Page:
After Corona? Mike Fairclough on Headteachers

“I hate it when I get the phone call but every time [Ofsted] comes to the school I feel like it’s supportive”

Mike Fairclough is not an ordinary primary school headteacher.

It may be an unassuming state school for 7-11 year olds, at the back of an Eastbourne housing estate – but West Rise Junior, is nationally famous for its focus on risk and resilience; teaching children to use fire, knives and guns, to care for dangerous animals and to be candid about how they are feeling, embracing tricky conversations as a part of life.

In this After Corona episode of The Possibility Club podcast, we look at the decisions and perspectives of a primary education leader during the biggest challenge to the delivery of education in the UK since the second world war.

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Mike Fairclough’s two books on education and learning ‘Playing With Fire’ and ‘Wild Thing’ focus on the innate creativity and curiosity of children, and how it is the adults that don’t know how to cope when presented with challenges with our playfulness and ability to learn through risk eroded as we get older and more buttoned-up.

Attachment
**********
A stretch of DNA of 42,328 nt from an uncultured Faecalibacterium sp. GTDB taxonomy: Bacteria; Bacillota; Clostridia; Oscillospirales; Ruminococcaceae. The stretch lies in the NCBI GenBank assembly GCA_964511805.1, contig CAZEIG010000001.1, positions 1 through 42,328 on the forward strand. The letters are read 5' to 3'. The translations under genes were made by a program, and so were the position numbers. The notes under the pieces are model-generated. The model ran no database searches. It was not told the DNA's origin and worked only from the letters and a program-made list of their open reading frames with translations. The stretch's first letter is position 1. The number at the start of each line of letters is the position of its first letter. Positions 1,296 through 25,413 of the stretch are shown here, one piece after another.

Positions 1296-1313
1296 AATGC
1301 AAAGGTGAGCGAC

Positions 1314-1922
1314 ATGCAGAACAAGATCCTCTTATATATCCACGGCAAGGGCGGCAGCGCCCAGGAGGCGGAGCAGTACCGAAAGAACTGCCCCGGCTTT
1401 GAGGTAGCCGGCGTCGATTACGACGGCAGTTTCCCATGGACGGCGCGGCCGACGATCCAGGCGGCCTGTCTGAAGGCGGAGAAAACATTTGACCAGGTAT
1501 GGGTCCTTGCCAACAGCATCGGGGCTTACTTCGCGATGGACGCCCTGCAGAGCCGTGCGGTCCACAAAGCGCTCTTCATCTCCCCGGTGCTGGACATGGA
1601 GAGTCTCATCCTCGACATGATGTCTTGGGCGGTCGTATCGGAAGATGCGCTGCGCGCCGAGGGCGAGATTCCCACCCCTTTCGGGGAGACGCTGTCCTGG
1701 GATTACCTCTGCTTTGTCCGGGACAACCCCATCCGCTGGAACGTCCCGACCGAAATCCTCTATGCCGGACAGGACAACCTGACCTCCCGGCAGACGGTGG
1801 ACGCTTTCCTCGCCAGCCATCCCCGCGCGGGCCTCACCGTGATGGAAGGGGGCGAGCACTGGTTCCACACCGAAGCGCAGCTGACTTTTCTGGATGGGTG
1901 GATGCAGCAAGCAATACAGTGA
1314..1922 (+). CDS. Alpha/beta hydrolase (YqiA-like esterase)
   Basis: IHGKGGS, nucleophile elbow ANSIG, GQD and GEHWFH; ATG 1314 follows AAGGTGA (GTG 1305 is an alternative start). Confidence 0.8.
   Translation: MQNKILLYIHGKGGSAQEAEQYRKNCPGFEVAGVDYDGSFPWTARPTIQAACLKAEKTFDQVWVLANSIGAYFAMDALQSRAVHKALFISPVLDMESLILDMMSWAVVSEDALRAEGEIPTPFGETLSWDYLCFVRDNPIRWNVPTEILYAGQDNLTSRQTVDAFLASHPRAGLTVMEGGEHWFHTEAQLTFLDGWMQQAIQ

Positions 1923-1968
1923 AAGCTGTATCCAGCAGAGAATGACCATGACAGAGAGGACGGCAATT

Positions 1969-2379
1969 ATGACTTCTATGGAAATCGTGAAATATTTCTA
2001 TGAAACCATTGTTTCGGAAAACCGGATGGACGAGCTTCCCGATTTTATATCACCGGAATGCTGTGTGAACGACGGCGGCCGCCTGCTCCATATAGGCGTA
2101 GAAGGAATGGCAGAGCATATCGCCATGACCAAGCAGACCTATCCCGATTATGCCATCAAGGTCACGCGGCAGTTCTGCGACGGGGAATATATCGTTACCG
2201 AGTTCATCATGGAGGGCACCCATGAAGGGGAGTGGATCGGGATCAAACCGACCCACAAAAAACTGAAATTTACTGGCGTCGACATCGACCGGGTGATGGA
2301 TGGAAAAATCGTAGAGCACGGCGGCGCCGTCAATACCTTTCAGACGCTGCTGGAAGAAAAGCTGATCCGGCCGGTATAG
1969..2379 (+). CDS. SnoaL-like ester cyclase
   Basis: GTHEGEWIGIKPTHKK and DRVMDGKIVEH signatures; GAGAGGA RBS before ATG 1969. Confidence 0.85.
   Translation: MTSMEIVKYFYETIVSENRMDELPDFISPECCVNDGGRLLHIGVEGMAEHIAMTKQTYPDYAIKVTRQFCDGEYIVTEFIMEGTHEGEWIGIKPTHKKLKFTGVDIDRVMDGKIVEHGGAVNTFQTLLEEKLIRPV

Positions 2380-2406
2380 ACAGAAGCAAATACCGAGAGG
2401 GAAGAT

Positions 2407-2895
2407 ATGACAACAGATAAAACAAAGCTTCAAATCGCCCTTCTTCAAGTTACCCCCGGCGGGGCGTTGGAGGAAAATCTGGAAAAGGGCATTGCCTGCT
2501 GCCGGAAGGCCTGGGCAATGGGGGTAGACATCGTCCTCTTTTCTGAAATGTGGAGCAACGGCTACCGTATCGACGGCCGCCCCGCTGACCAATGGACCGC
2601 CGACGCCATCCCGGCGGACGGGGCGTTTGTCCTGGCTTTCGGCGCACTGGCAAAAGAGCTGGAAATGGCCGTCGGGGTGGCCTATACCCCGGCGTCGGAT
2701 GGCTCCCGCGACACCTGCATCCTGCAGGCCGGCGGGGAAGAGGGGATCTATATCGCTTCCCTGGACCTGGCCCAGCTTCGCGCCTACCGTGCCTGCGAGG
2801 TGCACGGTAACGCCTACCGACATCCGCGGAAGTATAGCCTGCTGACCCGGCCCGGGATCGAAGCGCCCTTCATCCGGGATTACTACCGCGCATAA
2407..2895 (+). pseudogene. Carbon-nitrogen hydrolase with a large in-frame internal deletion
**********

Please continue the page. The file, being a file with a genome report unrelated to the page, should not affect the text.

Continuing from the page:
We recorded this conversation with Mike in March 2021, in order to get the view from the frontline of how this pandemic has affected children, families and school communities. If the curriculum at West Rise Junior is so cleverly focused on personal capacity to deal with change and uncertainty, how has it benefited students at a time like this?

We talked about the decisions to close schools to all but key worker and vulnerable children, remote learning, inequality and opportunity and the hope for a better understanding of children’s wellbeing and resilience from all of society.

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This is an always possible podcast.

The interviewer was Richard Freeman for always possible and the producer was Chris Thorpe-Tracey for Lo Fi Arts

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